What Is the Organization Thinking?
Each era of civilization has been defined, constrained, and elevated by its signature form of communication: nomadic speech, agricultural writing, industrial printing, and the now-ubiquitous digital information age. Increasingly, all communications, sync and async, are passing through digital channels that mark their passage, and, often, retain all elements of an act (sender, receiver, channel-path, message). Human organizational memory has taken a huge leap in a few short decades, for better and for worse. Only appropriate realms of transparency and privacy will ensure the “better” use of our new digital power
Every organization link type implies a flow of information. Indeed, A reporting, B process, and C group relationships imply a D1 info flow as well as a D2 information return channel to their direction of impact, e.g., a subordinate supplies operating information to the boss, while the boss supplies decision information through the reporting-link-as-info-link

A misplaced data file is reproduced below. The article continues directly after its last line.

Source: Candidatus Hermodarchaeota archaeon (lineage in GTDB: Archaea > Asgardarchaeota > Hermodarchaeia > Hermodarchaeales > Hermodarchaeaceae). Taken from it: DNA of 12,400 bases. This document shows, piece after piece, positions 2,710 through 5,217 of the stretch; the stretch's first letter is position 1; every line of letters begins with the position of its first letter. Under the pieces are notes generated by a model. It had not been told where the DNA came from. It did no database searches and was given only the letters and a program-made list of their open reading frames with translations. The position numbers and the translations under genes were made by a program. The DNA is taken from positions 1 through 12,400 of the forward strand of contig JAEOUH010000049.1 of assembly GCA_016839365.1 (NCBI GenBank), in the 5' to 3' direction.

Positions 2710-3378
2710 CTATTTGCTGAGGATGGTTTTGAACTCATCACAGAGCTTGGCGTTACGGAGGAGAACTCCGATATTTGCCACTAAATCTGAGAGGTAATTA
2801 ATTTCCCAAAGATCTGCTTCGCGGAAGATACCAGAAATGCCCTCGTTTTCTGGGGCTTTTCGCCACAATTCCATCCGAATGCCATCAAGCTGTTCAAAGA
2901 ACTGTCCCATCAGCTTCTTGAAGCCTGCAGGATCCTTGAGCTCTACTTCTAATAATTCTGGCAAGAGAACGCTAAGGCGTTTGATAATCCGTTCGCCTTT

The actual information flows of the A-B-C links “to and fro” between 1° nodes can be mapped, e.g., analysis of email traffic between node pairs
Organizational reality for many positions is a very large number of relatively formal and important info exchanges, many on a repeating basis. There are many info pathways between positions that can be extracted from existing information systems

Mining massive information links

Email traffic is captured and can be related to specific senders (from) and receivers (to), along with the message that passed between them. A pattern of communication is revealed from analyzing a flow of messages, and a pattern of topics is revealed from analyzing the messages themselves. This is data mining in an organizational context
Privacy for people and small groups can be achieved by aggregating message mining across a number of positions. Boundaries of aggregation to protect privacy start at about 25, a typical 3-level organization. In smaller numbers, individual responses become increasingly easier to identify